One might surmise that the evolutionary function of humor was to make a person feel joy instead of fear when he experiences something that is totally foreign to his existing knowledge structure.
But I think this situation could only occur if the person had closed down his "implicit learning" system, because "implicit" (unconscious) learning automatically integrates new and different experiences, even if they're incongruous. That is its function.
Maybe Nature prepared us with a "sense of humor" to face this exact scenario where instead of keeping our mind open, we for whatever reason did keep our ideas fixed (like "encoding algorithms"!).
Is this system denied to lower forms of life? Why would it be? Of course, they don't have language and so "explicit learning" is denied them. But are they capable of shutting off their unconscious learning system, as humans are, and so hobbling themselves from seeing reality? Are they, like us, capable of keeping their knowledge structure from changing? If so, why wouldn't they too feel the sensation of "humor" (indistinguishable from other instances of joy) just as we do when having a totally incongruous experience? Just because they don't laugh, that isn't proof they don't feel joy!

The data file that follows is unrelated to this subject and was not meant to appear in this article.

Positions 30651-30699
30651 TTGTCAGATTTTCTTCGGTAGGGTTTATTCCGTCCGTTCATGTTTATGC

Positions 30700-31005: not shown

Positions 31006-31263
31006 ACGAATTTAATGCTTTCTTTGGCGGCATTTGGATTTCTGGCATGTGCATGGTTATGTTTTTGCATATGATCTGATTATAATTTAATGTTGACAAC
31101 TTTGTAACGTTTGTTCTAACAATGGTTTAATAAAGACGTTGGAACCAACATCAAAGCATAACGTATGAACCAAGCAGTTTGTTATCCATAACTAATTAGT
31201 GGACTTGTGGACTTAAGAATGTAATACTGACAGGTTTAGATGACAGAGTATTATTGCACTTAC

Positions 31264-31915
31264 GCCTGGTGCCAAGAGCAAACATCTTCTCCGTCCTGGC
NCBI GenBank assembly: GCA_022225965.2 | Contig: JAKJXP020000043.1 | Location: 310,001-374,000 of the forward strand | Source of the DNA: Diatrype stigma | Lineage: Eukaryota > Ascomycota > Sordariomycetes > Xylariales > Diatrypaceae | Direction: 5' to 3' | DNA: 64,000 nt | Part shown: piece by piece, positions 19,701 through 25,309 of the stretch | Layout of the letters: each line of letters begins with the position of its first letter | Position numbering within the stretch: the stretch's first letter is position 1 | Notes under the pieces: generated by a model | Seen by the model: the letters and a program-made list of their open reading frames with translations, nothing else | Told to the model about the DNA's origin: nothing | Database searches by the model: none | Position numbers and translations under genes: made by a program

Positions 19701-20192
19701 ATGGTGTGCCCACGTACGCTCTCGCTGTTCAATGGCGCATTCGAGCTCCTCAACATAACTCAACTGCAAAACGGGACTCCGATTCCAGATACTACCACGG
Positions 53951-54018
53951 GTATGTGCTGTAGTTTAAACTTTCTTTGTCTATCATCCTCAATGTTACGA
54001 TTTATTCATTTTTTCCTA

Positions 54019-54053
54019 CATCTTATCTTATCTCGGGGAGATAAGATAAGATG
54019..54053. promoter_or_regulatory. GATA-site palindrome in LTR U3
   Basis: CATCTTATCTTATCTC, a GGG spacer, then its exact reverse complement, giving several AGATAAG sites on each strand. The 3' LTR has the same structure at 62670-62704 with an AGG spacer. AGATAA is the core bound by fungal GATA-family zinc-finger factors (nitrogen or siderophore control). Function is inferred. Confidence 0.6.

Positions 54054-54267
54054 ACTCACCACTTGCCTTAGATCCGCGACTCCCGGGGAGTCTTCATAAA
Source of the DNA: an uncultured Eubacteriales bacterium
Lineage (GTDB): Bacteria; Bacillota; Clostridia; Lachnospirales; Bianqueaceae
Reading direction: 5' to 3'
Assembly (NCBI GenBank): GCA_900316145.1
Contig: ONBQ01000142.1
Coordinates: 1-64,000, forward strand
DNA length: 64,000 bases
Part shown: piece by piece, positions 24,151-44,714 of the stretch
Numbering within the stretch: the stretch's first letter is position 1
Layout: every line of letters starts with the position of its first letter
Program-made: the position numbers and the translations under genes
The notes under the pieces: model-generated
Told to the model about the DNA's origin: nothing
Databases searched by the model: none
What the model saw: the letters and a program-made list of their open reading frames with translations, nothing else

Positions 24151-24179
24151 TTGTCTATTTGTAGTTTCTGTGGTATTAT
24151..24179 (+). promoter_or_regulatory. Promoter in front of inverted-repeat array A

Chinese sounds can be very amusing to the American ear, especially recordings that are made for children where the speaker is impersonating different literary characters. It is revealing that when listened to "unconsciously" these sounds are no longer amusing at all! They are merely more data to be integrated into the cognitive unconscious.